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8 safety tips for Monday’s eclipse

Here’s the danger behind eclipse viewing and what you need to know



When the solar eclipse begins on Monday, Aug. 21, thousands across the Carolinas will be craning their necks to the sky to see it -- but some could be putting their eyesight at risk. According to NASA’s website, the eclipse will take place for most of the afternoon (about 3 hours) but for those lucky enough to be in the path of totality, complete darkness will last just a couple of minutes.  The Charlotte region will see a partial eclipse starting at 1:12 p.m. and peaking at 2:41 p.m. Most places in North Carolina will see a partial eclipse of 90 percent totality or more.

As the dazzling show takes place, viewers must take care not to stare at the sun -- even if just a sliver is showing -- without proper eye protection, says Dr. Genevieve Brauning, a family medicine physician at Novant Health South Park Family Physicians. Here’s more advice from Dr. Brauning:

 Q: What are some basics I need to know to prepare? 

A: You need approved eclipse-viewing protection to view the eclipse. You CANNOT use regular sunglasses to protect you from eye damage during the eclipse. You should NOT view the eclipse through a reflection off a lake, pond or pool. You CANNOT safely view the eclipse through a camera. You need to use this protection from the very beginning but can remove protection during total eclipse and then resume protection immediately. Viewing a partial eclipse actually presents the most risk of damage to vision. 

Q: What can happen when someone looks directly at the sun? Is there a safe time during the eclipse to look at the sun directly? 

A: Looking directly at the sun even for just a glimpse during an eclipse can cause short-term and even permanent damage to your vision. It is important that people take the recommended precautions VERY seriously. The only safe time to view the eclipse without approved solar filters is while it is a total eclipse (2 minutes when the moon completely covers the sun).  

Q. Please explain the science behind the danger here. 

During the partial part of the eclipse, it will be dark outside and so your pupils will be dilated. This allows more light to come directly into your retina and damage it. Because the sun does not appear as bright as usual, you may feel comfortable looking at the partial eclipse without protection for a much longer time than you would actually look at the sun on a regular day.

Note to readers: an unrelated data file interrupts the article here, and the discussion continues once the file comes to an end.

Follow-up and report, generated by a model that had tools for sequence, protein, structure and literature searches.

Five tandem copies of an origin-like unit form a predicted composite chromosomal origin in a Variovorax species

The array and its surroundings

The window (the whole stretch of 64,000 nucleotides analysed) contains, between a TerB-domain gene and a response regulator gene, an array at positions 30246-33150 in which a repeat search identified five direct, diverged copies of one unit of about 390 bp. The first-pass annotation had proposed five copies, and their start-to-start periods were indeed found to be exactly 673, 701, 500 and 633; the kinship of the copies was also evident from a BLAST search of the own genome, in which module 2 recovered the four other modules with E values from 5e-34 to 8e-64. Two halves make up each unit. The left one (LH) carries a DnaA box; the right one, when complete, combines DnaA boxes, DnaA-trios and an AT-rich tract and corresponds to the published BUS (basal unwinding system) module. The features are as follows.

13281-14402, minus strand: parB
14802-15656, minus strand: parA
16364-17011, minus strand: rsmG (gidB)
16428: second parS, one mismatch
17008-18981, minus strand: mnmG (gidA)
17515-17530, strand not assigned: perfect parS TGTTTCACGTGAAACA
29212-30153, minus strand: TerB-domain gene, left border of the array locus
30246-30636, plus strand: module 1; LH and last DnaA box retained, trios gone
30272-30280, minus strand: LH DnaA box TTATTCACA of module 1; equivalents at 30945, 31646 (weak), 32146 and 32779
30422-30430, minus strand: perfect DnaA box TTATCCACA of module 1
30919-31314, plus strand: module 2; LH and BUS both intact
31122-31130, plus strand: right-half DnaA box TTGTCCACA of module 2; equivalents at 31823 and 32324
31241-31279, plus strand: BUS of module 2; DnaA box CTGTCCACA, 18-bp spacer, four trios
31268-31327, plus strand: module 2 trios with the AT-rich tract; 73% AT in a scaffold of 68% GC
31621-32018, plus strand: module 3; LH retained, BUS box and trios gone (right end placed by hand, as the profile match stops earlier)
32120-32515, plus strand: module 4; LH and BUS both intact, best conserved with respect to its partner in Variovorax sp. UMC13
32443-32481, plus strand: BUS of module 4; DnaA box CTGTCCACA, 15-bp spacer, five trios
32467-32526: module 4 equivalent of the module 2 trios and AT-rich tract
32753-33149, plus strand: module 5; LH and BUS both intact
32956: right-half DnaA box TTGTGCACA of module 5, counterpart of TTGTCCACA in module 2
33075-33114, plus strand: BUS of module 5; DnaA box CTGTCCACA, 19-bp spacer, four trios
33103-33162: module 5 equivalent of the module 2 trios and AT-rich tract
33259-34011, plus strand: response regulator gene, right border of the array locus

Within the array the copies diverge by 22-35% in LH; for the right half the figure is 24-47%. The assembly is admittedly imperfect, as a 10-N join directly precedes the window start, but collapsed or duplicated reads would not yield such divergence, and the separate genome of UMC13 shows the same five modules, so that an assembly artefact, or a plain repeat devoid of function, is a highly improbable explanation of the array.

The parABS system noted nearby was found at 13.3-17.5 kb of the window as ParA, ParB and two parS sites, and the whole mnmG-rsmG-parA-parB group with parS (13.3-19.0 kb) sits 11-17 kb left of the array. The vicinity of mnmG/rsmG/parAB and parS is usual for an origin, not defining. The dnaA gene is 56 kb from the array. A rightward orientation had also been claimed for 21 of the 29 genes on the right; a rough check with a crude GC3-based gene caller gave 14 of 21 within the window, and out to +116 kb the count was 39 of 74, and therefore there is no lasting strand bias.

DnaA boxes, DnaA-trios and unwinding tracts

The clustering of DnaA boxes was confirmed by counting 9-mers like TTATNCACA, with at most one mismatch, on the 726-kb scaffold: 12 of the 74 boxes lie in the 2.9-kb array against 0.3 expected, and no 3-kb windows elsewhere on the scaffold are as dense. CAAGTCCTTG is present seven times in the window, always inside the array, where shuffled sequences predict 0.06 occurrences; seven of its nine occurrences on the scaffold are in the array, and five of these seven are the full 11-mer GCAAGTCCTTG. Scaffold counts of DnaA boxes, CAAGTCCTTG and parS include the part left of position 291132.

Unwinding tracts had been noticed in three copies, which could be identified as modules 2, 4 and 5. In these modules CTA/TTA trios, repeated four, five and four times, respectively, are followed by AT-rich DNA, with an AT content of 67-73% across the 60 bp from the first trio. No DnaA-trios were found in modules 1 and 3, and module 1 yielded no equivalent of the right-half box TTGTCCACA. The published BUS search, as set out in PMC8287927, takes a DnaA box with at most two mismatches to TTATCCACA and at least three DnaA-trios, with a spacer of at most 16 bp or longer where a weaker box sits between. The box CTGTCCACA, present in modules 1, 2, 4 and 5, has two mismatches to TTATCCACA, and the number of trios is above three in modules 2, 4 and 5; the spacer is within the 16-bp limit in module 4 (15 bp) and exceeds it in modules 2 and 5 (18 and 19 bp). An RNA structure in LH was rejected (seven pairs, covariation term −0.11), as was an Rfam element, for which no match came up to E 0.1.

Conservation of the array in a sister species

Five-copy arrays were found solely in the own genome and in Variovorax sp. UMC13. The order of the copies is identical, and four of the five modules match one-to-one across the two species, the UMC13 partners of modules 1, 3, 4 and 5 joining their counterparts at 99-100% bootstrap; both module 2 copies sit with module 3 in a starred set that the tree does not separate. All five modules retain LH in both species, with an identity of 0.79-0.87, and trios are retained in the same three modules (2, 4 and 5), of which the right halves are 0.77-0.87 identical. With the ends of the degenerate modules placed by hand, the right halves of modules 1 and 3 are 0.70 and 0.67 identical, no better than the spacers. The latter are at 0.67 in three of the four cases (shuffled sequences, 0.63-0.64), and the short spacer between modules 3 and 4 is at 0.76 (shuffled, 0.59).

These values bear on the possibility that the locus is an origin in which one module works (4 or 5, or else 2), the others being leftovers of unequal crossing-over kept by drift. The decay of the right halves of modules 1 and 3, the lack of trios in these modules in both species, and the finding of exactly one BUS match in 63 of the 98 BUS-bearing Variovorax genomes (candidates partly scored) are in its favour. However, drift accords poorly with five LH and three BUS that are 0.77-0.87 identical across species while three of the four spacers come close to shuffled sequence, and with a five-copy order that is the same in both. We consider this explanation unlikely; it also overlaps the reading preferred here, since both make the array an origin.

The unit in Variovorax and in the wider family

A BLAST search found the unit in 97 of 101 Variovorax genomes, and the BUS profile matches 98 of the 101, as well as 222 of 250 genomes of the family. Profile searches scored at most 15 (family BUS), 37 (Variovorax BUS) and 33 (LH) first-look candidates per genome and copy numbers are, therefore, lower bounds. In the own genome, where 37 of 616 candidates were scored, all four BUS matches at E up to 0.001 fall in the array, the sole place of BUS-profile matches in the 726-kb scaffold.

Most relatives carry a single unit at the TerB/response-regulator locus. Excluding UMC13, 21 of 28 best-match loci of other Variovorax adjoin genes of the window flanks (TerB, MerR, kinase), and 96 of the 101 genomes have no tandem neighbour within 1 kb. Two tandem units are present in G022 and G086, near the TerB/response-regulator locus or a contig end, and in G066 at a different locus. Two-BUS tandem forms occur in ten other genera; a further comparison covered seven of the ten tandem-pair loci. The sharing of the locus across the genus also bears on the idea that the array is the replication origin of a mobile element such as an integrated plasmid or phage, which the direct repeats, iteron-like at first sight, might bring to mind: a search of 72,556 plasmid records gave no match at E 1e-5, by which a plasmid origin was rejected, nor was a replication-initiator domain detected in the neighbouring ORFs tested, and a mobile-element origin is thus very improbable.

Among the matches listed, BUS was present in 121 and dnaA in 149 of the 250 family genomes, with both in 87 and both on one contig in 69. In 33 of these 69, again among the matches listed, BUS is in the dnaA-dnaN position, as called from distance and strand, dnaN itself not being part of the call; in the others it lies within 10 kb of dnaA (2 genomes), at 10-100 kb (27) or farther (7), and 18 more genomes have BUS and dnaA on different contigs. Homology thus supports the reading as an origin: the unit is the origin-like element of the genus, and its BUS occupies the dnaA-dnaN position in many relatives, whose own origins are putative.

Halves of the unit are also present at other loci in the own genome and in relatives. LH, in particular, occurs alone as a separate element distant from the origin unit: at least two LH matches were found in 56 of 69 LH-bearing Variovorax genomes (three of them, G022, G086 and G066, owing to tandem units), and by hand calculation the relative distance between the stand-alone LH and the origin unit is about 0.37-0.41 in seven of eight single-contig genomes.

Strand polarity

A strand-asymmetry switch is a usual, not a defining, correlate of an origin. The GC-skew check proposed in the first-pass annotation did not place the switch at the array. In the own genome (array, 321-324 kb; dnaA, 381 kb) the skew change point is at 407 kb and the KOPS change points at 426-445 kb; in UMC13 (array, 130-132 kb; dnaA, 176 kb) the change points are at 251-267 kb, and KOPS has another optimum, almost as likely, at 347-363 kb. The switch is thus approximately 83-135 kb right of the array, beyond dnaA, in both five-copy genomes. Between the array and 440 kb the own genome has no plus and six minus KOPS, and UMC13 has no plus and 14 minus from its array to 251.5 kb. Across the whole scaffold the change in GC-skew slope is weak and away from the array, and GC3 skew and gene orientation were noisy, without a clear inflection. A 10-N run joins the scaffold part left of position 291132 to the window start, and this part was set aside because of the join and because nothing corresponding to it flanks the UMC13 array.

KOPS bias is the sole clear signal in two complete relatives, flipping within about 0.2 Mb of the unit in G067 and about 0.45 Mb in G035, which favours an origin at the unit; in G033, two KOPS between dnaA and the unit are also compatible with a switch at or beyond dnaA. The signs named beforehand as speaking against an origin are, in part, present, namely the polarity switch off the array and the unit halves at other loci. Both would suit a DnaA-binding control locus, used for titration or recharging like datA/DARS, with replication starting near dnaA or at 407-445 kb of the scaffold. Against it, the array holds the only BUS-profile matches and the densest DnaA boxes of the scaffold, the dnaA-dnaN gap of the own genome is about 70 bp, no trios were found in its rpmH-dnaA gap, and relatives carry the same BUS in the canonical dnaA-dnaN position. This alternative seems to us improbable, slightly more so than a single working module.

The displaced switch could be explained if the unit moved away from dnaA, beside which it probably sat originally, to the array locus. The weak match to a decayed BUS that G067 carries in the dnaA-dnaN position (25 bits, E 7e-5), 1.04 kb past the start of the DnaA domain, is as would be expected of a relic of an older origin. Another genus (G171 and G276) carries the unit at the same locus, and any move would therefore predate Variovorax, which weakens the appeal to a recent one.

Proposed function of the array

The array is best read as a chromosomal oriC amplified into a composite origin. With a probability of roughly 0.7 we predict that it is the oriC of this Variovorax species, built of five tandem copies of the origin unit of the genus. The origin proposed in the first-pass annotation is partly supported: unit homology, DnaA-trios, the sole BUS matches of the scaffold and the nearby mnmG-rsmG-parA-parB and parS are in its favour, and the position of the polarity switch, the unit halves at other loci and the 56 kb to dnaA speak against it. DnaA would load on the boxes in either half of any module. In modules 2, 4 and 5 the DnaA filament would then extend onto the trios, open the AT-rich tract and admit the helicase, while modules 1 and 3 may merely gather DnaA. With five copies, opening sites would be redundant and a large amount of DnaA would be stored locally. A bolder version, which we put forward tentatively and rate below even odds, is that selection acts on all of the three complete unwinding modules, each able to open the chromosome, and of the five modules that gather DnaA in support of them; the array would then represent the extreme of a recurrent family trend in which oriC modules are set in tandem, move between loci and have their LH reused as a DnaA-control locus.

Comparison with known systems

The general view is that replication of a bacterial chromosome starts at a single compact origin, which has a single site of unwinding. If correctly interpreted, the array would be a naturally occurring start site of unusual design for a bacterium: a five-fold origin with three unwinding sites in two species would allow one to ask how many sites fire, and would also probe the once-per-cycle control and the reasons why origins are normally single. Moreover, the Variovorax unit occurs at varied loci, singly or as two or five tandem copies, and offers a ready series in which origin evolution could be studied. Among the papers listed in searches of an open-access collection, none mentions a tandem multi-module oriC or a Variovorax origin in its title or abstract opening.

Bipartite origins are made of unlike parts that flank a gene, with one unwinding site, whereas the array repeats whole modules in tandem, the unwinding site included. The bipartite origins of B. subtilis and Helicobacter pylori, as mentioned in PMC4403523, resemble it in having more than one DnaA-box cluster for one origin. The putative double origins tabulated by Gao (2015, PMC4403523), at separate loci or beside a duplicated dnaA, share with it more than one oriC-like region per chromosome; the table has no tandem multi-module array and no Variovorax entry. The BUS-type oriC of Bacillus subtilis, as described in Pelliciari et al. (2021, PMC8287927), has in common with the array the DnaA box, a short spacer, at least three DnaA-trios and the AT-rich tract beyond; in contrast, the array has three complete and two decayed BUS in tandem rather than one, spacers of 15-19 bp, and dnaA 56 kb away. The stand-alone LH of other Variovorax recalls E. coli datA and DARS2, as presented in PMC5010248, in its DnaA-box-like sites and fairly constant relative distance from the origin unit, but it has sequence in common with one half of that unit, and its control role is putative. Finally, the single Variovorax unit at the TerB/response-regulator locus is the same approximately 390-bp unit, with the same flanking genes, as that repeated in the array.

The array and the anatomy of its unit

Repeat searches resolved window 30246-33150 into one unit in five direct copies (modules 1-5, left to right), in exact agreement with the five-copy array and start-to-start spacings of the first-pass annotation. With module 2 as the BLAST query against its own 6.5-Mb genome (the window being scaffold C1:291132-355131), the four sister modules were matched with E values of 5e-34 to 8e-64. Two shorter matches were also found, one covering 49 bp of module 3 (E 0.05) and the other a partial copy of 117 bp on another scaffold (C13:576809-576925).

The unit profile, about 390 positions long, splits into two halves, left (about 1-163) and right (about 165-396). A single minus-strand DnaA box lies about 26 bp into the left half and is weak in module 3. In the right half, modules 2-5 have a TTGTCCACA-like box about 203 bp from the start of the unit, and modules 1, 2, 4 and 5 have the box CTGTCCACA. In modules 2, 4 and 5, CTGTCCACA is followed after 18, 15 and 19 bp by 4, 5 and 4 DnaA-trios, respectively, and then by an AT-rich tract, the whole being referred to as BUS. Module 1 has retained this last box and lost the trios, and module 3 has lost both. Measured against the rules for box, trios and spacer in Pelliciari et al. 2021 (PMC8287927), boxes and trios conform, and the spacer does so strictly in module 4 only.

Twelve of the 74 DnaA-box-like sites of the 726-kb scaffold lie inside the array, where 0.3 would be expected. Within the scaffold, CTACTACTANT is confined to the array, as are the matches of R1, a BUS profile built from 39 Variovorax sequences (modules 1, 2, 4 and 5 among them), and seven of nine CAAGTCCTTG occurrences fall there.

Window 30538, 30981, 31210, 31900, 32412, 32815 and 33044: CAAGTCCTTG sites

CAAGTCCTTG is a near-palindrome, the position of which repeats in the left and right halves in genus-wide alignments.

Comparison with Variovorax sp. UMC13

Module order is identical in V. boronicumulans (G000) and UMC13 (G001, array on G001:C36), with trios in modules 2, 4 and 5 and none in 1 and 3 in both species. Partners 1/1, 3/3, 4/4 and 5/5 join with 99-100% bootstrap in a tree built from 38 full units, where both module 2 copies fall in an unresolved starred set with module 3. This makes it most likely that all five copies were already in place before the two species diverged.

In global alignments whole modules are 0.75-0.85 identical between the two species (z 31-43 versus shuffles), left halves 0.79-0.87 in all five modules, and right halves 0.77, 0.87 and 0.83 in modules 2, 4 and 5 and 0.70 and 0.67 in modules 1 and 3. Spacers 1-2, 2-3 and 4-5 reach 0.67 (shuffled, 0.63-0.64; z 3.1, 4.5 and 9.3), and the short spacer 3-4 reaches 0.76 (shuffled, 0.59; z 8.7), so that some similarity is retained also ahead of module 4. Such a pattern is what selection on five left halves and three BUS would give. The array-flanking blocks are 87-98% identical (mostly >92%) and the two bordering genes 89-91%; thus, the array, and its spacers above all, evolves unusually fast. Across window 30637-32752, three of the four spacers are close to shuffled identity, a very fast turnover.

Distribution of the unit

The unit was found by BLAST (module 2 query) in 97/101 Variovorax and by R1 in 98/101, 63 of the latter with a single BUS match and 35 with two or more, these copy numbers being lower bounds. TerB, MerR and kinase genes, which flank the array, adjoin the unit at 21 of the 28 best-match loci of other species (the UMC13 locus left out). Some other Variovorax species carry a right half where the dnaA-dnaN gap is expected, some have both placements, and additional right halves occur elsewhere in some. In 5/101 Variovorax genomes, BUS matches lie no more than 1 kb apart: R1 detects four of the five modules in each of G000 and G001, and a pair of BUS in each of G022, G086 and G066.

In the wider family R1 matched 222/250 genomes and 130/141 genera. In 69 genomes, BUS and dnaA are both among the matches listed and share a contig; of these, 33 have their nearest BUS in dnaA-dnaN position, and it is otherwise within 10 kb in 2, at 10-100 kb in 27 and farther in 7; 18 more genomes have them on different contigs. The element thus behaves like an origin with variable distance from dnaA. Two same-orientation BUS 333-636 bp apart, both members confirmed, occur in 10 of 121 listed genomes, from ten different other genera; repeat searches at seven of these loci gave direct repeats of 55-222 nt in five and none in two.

Q: Is it safe to view from inside a building? 

A: It is not safe to view the eclipse from indoors, through glass or windows, without wearing eye protection. 

Q: Do you need to put glasses on as soon as the eclipse starts? Or just during the maximum eclipse?   

A:  Yes. You need to start using eye protection immediately.   

Q: Is there a certain type or brand of eclipse-viewing glasses that you can recommend since there have been news reports in recent days that there have been some fake eclipse glasses put on the market that may not actually be safe?  

A: NASA and American Astronomically Society have an approved list of vendors

Q: Do you have advice for parents with small kids who play outdoors or have outdoor pets to keep them safe?

A: Children are at the highest risk for short-term and permanent eye damage from improper viewing of sun during an eclipse. Children should be kept indoors for the duration of the eclipse so that they do not accidentally look at the sun without protection. Children can safely view the eclipse with proper eye protection. Even brief viewing without approved protection can cause permanent vision loss. 

Q: What are some good resources that you’ve found for viewing the eclipse for those who want to do additional reading?  

A: Two great resources are NASA’s website and the American Academy of Ophthalmology.


 




Published: 8/15/2017